Barricades went up Friday morning at the company’s bulk terminal on Beam Road in Saskatoon’s north end.
A government spokesperson said Don Morgan, the province’s minister of labour relations, immediately contacted Unifor Local 594 on hearing the news.
“The minister asked Unifor 594 to take down the blockades over concerns that the latest blockade has the potential to undermine efforts to reach a mediated settlement in good faith,” Jim Billington said.
Morgan added the special mediator is still scheduled to meet with the parties and is hopeful Unifor Local 594 takes down the blockades and bargains in good faith.
FCL officials said they’re disappointed after learning Unifor had erected fences around the facility days before the two sides resume bargaining with a provincially-appointed mediator.
“These latest antics are disappointing, but after everything Unifor has done, they’re unfortunately not surprising, said FCL CEO Scott Banda.
“We’re taking the appointment of a special mediator and the resumption of bargaining next week very seriously,” Banda said. “All we ask is that our union partners in this negotiation will do the same and end these illegal blockades.”
Unifor said its members across the country will continue secondary picketing to promote a boycott of all Co-op retailers.
“Scott Banda has a well-earned reputation of being anti-worker, and has a long history of instigating contentious labour disputes, including prolonged job actions in Moose Jaw, Calgary, and now Regina,” Unifor national president Jerry Dias said in a release.
“Co-operatives are meant to serve local members, not out-of-province scabs who are taking their earnings elsewhere.”
An FCL spokesperson told Global News the company continues “to pursue legal avenues, such as injunctions, that will help us access and operate our business.”
As of Friday afternoon, an injunction hadn’t been filed in Saskatoon court.
RCMP spokesperson Jessica Cantos said officers were told the Saskatoon protest would last three days.
“Warman RCMP and Corman Park Police Service are currently on scene to maintain and keep the peace,” Cantos said.
No roads were blocked, Cantos said, and RCMP will remain on-scene 24 hours per day to “uphold the law, maintain the public peace and ensure safety for all parties.”
No arrests have been made and “the situation is very peaceful,” Cantos said.
The two sides have been in a bitter contract dispute after Unifor issued a strike notice, prompting FCL to lock out employees at its Regina Co-op Refinery Complex on Dec. 5, 2019.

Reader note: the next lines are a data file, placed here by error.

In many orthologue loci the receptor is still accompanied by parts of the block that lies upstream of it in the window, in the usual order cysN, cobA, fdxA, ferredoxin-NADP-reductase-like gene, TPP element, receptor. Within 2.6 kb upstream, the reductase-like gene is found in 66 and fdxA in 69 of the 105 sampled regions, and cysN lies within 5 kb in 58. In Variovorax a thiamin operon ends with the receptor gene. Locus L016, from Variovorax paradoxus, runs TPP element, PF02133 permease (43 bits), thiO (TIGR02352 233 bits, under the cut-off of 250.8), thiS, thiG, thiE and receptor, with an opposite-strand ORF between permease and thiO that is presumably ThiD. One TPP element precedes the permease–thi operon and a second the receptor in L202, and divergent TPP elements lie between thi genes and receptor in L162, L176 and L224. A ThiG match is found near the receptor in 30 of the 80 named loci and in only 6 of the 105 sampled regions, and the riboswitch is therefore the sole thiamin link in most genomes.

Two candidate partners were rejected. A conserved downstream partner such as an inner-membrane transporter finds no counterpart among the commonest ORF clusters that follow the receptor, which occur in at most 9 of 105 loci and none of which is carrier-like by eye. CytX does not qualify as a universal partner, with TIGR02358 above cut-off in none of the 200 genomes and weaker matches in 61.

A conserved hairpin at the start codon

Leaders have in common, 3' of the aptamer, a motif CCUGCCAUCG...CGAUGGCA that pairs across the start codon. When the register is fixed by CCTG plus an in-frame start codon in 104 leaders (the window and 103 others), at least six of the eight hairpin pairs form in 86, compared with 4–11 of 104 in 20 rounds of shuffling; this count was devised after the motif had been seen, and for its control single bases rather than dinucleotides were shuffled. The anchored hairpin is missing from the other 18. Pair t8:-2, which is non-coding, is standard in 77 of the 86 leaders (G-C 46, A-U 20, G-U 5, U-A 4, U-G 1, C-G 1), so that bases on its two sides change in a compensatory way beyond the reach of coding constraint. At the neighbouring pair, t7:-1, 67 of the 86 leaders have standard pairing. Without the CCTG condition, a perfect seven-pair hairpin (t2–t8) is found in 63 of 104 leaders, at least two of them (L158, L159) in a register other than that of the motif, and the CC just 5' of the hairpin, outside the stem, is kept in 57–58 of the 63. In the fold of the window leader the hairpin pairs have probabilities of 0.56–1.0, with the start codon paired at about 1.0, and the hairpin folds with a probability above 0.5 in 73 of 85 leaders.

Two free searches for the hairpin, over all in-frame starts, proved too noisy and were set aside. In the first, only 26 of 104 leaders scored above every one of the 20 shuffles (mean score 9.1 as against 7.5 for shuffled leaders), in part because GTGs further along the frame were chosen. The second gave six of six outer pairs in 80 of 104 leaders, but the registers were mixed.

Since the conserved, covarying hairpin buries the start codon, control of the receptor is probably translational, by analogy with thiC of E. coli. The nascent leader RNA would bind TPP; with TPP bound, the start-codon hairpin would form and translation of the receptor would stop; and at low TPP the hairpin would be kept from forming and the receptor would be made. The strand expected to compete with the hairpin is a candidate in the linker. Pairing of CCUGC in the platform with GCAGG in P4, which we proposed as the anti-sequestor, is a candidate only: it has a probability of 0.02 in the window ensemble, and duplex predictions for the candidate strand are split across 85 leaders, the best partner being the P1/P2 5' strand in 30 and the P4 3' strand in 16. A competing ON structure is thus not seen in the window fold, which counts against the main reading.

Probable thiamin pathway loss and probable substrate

Unifor Local 594 has been fined twice after breaching court injunctions limiting picketers to delaying traffic in and out of the complex for no longer than 10 minutes.
The local was fined $100,000 the first time and $250,000 the second time.
Unifor has barricaded Co-op’s fuel terminal in Carseland, Alta. A judge ordered it removed after Co-op sought an injunction against the union.
FCL said Unifor has also blocked its trucks from accessing third-party fuel terminals in Winnipeg and Prince George, B.C.
On Wednesday, the Saskatchewan government-appointed Vince Ready to assist in negotiations between the two sides.
Ready has worked in labour relations since 1965 and arbitrated and or mediated more than 7,000 labour and commercial disputes in Canada.
The parties and Ready will have 20 days to reach an agreement once meetings start.
Talks are scheduled to start on Feb. 18, but FCL said the latest actions by Unifor place those in jeopardy.
“When Premier Moe offered the assistance of a special mediator for bargaining, he was clear that it would only happen if illegal blockades were removed,” the company said in a statement to Global News.
“We’ve said all along that we can’t bargain while Unifor’s illegal blockades are in place. You can’t bargain when your business is being held hostage.”
Dias said they started secondary picketing after FCL brought in “new scab trailers” to the refinery complex.
“We have a great deal of confidence in mediator Vince Ready but our experience with FCL, and this latest stunt, gives us little confidence this employer’s willingness to bargain,” Dias said.
“We’ve seen too many tactics to prolong this dispute, but we will proceed in good faith and hope the mediation process will be a turning point.”
FCL said this is a misrepresentation by Unifor.
The company said the trailers brought to the refinery site are for use by outside contractors for turnaround maintenance.
“These are not replacement workers who are filling in for Unifor members — they are contractors who are brought in to work on the maintenance turnaround every year,” FCL said in a statement to Global News.
A division of Unifor represents some Global news employees.
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